GOV. Jay Inslee should veto a well-intended but muddled piece of legislation to protect Washington residents from invasions of privacy by aerial technology better known as drones.
Engrossed House Bill 2789 is a collage of multiple bills, and it reads that way. No state agency or local law enforcement is using the technology, but the legislation lays out all manner of definitions, restrictions and exemptions.
Nothing in EHB 2789 addresses the use of drones by the private sector for business or recreation. Lawmakers narrowly focused instead on clamping down on government and law enforcement.
The new technology can certainly be feared as yet another potential invasion of privacy, even if that expectation of privacy is pretty thin in established law.
- More pet-food recalls linked to potential salmonella contamination
- Seattle company copes with backlash on $70,000 minimum wage
- Impressions from day 3 of Seahawks training camp --- Christine Michael, the center position, Tyler Lockett, and more
- Seahawks sign four-year extension with linebacker Bobby Wagner worth a reported $43 million
- After signing $43 million contract, Bobby Wagner admits he didn’t expect Seattle to draft him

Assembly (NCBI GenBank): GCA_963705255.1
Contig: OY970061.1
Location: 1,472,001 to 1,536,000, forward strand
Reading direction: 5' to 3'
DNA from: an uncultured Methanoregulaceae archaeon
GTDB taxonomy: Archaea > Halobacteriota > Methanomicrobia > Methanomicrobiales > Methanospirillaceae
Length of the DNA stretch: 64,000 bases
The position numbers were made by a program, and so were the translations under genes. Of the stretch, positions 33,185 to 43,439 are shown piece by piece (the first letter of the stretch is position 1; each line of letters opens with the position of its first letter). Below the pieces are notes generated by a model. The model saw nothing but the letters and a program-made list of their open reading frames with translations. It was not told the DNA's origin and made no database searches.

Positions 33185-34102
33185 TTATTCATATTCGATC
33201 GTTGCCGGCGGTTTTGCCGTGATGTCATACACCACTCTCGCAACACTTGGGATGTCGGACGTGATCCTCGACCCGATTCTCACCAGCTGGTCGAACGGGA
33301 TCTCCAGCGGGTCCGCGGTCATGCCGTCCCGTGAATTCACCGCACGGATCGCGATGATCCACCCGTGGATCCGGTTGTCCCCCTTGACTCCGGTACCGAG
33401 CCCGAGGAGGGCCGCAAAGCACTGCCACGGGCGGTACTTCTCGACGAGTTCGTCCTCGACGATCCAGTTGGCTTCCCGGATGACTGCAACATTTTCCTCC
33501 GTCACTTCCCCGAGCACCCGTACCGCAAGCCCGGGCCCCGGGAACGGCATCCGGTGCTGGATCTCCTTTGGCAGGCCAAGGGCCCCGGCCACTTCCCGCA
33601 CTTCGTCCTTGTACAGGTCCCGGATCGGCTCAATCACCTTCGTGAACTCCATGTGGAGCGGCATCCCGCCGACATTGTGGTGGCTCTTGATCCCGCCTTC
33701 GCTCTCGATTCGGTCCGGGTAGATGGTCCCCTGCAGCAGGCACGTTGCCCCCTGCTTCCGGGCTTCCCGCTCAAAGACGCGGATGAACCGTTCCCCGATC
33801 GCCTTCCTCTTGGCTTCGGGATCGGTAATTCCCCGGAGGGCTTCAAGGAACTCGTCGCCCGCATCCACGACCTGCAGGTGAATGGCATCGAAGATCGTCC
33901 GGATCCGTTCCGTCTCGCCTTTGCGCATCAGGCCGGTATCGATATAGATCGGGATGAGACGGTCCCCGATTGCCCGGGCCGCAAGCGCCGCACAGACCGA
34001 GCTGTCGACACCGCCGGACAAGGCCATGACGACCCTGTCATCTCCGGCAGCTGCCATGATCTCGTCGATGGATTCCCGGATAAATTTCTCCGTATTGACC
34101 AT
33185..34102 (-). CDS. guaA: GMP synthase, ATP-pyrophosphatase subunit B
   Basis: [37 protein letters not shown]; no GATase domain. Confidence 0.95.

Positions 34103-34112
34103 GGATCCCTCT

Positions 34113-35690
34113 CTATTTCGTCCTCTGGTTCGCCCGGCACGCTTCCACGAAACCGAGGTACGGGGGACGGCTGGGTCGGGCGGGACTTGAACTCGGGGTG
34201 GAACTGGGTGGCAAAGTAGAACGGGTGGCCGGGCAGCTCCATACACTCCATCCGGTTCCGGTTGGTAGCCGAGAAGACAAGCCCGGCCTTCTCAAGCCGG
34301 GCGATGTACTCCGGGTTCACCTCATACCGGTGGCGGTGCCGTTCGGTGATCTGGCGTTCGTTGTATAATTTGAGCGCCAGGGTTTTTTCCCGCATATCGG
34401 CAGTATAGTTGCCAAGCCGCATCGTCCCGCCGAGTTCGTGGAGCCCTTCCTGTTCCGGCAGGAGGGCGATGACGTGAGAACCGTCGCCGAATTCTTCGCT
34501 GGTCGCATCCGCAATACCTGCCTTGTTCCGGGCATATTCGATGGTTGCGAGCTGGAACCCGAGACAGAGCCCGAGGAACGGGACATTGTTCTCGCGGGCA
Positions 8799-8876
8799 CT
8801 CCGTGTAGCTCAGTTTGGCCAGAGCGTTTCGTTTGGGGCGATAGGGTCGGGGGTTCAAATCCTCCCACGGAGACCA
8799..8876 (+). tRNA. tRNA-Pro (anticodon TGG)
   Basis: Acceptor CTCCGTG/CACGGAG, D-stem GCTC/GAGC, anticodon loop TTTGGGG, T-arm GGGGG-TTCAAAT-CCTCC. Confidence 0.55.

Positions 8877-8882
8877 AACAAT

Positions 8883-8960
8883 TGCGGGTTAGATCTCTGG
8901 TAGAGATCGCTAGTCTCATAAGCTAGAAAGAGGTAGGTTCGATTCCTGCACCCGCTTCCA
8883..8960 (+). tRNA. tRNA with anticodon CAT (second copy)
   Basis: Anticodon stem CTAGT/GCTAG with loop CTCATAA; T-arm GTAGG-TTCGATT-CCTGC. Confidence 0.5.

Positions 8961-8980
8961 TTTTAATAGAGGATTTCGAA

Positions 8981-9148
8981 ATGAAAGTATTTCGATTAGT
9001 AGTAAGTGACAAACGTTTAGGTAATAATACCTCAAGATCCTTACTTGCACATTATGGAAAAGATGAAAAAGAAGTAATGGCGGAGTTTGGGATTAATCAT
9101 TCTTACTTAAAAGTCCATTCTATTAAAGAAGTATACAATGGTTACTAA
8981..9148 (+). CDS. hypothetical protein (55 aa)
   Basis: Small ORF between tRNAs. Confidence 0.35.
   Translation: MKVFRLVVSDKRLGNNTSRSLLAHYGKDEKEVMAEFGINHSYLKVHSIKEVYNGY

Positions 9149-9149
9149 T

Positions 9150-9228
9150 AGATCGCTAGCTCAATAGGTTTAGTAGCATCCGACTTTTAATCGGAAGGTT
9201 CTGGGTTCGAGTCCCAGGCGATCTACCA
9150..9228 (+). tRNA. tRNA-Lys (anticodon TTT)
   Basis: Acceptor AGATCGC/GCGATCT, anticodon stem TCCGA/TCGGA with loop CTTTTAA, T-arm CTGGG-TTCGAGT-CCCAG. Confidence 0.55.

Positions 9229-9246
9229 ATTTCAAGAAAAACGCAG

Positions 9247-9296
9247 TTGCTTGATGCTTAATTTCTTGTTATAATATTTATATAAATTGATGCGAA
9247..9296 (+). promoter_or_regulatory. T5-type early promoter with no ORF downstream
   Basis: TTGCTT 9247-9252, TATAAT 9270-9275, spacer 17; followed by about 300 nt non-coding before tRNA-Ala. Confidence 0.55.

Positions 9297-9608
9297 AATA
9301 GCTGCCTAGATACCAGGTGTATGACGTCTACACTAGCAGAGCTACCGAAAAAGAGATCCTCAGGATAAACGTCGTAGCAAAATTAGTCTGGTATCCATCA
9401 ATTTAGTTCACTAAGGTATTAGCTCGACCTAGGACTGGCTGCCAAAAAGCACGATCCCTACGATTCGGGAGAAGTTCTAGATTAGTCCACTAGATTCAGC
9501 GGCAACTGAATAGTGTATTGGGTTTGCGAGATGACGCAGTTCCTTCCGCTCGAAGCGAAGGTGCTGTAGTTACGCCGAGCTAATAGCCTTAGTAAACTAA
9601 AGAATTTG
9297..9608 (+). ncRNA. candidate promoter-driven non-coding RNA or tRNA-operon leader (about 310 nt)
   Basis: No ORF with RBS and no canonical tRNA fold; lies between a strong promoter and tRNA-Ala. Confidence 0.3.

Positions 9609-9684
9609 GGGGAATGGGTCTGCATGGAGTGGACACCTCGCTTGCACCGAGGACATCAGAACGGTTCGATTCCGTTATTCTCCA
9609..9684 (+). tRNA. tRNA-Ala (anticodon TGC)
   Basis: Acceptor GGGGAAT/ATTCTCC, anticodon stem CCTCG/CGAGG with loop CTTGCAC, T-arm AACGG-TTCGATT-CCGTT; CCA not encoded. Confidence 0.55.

Most Read Stories
Layers of verbiage describe allowable uses and timelines for retention or destruction of images and data. Use of drones by law enforcement would generally require a warrant, but not during emergencies.
Access to drone-gathered information is qualified and appears to evade public-records laws. But then a later sentence says nothing in the law is intended to expand or contract current obligations to disclose information.
No state agency or law-enforcement organization may purchase a drone without state lawmakers’ permission. The apparent fear is Olympia will use the drones to enforce state regulations, such as agricultural and environmental laws. More confusion.
If drones were used to survey a forest fire, the images might not be released if a camper were in view. Camera photos taken from a state helicopter are public record. Why the difference?
Prohibited information off-limits to a drone includes a person’s education, medical history, religion, tax returns and political ideology. This clause apparently anticipates the next generation of ESP drones.
The idea of drone legislation makes sense. Public safety and privacy issues are real.
Legal transparency — public access and disclosure — of information and images gathered by government must be sustained and protected.
Both the legislative and executive branches of government need time to look at the opportunities and hazards of drones. Weigh their potential against valid privacy concerns.
In the meantime, the governor should veto muddled legislation that does not help.
Editorial board members are editorial page editor Kate Riley, Frank A. Blethen, Ryan Blethen, Sharon Pian Chan, Lance Dickie, Jonathan Martin, Thanh Tan, William K. Blethen (emeritus) and Robert C. Blethen (emeritus).